The O’Neill Rule has failed. The Yankees bats were not, in fact, enlivened by the 9th inning rally on Wednesday. In fact, a number of the team’s hitters, including A-Rod, looked considerably worse at the plate than they did in Wednesday’s loss. They took advantage of Rays’ mistakes, but never conjured a rally of their own. The Rays, on the other hand, continued to pound Yankees’ pitching. The injury riddled lineup just couldn’t hang.
Defining moment: Yanks fail to capitalize in the third
The Yanks came into the game needing a win, so to see the Rays put across three in the first was pretty deflating. They came back for a couple in the second, and then appeared poised to assert themselves in the third. Randy Winn opened with a single, and you just can’t waste opportunities like that. And so the Yankees went to work.
Derek Jeter laid down a beauty of a bunt that easily advanced Winn to second. That, however, wasn’t the ultimate aim. With Evan Longoria playing back, Jeter’s intention, I’m sure, was to put himself on base, too. Once the ball got past James Shields that was assured. Brett Gardner followed with a bunt of his own, this one a bit more predictable. Shields fielded this one, but likely wouldn’t have gotten Gardner even if he made a good throw. He didn’t, though, and the ball rolled into foul territory in right, allowing Winn to score. All the sudden, a deflated feeling turned into joy. The Yankees had tied the game.
Not only did the Yanks get a new life, they also got an opportunity to break open the game. Runners stood on second and third with none out, and the Yankees had their 3-4-5 hitters coming to the plate. In the most painful fashion, Shields dispatched of them. Mark Teixeira tapped a weak one right back to the pitcher. Alex Rodriguez struck out on a pitch that Dioner Navarro had to block. Robinson Cano waved at strike three well outside the zone.
While they had tied the game, the failure to score even one run in that situation again brought the deflated feeling.
Andy Pettitte: Not sharp
It was clear, right from the first batter, that Andy Pettitte was going to battle through this one. Four batters later he had a runner on first with none out and a 3-0 deficit. He threw 28 pitches in the inning, 13 of which were out of the zone. I’m pretty sure Cervelli had to move his glove on every pitch, though I might just be imagining that.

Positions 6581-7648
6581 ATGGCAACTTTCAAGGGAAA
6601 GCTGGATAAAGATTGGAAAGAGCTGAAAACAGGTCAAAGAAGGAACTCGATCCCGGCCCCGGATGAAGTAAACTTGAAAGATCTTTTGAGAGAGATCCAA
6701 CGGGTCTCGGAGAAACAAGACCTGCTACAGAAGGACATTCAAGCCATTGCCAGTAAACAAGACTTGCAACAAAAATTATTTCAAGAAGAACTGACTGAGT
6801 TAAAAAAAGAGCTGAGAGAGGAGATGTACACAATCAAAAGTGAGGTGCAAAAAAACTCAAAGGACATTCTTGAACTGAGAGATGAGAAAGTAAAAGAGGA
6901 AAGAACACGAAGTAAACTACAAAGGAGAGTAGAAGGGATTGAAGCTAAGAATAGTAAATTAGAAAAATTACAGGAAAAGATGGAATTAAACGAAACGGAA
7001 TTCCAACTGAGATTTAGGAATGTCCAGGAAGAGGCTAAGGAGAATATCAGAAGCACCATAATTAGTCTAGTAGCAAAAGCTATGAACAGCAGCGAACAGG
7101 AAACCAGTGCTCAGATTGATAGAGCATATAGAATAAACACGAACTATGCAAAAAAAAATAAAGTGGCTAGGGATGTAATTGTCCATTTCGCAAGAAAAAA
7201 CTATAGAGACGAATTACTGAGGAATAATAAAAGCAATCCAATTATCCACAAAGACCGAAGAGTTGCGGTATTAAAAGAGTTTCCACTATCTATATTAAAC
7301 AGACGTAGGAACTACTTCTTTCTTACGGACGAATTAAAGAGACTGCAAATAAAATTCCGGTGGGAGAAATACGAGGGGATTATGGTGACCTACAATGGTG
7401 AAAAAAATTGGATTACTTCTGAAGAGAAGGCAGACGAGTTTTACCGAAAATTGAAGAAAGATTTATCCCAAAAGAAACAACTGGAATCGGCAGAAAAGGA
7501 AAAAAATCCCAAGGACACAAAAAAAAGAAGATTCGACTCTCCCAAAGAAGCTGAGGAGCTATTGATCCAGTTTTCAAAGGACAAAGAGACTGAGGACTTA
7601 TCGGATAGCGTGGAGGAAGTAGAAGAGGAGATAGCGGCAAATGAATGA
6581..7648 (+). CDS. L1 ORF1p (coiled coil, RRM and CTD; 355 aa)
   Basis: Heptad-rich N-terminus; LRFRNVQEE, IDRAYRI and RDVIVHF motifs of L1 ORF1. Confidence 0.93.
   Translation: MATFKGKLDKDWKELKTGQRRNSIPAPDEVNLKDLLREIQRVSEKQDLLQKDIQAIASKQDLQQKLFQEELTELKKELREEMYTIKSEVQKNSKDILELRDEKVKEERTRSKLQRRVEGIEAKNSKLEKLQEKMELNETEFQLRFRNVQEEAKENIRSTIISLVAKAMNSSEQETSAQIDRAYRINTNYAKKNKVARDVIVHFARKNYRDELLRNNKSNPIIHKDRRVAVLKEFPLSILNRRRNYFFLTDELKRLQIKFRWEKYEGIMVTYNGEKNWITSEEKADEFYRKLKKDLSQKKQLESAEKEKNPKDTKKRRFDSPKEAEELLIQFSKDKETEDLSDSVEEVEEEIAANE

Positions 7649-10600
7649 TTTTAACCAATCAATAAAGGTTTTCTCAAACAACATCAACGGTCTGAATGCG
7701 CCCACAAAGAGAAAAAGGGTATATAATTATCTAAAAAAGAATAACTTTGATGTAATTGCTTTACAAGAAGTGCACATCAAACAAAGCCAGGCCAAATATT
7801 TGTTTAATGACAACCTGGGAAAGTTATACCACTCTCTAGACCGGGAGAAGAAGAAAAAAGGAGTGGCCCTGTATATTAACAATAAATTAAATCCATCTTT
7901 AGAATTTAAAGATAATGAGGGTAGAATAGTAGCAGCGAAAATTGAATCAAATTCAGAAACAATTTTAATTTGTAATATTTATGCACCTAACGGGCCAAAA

Overall Pettitte thew 103 pitches, 101 of which came before the sixth. In that inning he threw just two pitches, both cutters to Carlos Pena, who slammed the second one into the Yankees’ bullpen to give the Rays a 7-4 lead. Again, deflating. Two runs is one thing. Once they tack on that third run, though, well, I’m not sure if it’s just psychological, but it seems like a much tougher hole to dig out of.
It looked like Pettitte had settled down a bit after the first, but he slipped again in the fifth. Gabe Kapler singled with one out, and for some reason Pettitte payed a bit too much attention to him at first, throwing over four times during Jason Bartlett’s at-bat. That one ended with a seven-pitch walk, which set up Carl Crawford to knock home Kapler with a single and give the Rays the lead. A Ben Zobrist sac fly put them two ahead.
I thought that would be it for Pettitte, but apparently Girardi wanted Pettitte to face the lefty Pena. In his career Pena is a markedly worse hitter against lefties, though he’s been equally bad regardless of handedness this year. Anyway, it was a decent move that backfired.
Sheilds’s change perplexes Yanks hitters
James Shields continued his high-strikeout ways by sitting down seven Yankees, six of them swinging. Five of those came on changeups. What’s strange is that, so far as I can tell, Shields did not generate any swings and misses except for a strikeout pitch. He threw it 24 times, his most utilized secondary pitch, and made only one mistake. That was Juan Miranda‘s second-inning homer.
In the past few years Shields has proven himself to be a very good pitcher who doesn’t appear dominant. He induced just six swinging strikes in his 7.1 innings, which matches his number of swinging strikeouts. That’s amazingly efficient. The Yanks did get to him in some ways — he did allow eight hits — but one of them came because B.J. Upton couldn’t find a fly ball. Four runs in 7.1 innings from Shields is not bad. But he still looked good.
Another rally falls short
For the second straight night the Yanks posted a rally in the ninth that fell short. Derek Jeter drove in two with a picturesque double into the gap, but that just wasn’t enough. lt’s encouraging that they were able to bring the tying run to the plate, but it just wasn’t enough.
WPA Graph and box score
The peak at the beginning makes this one even more depressing.
It’s back on the road, but not really, for three games at Citi Field this weekend. Javy Vazquez vs. the lefty Hisanori Takahashi.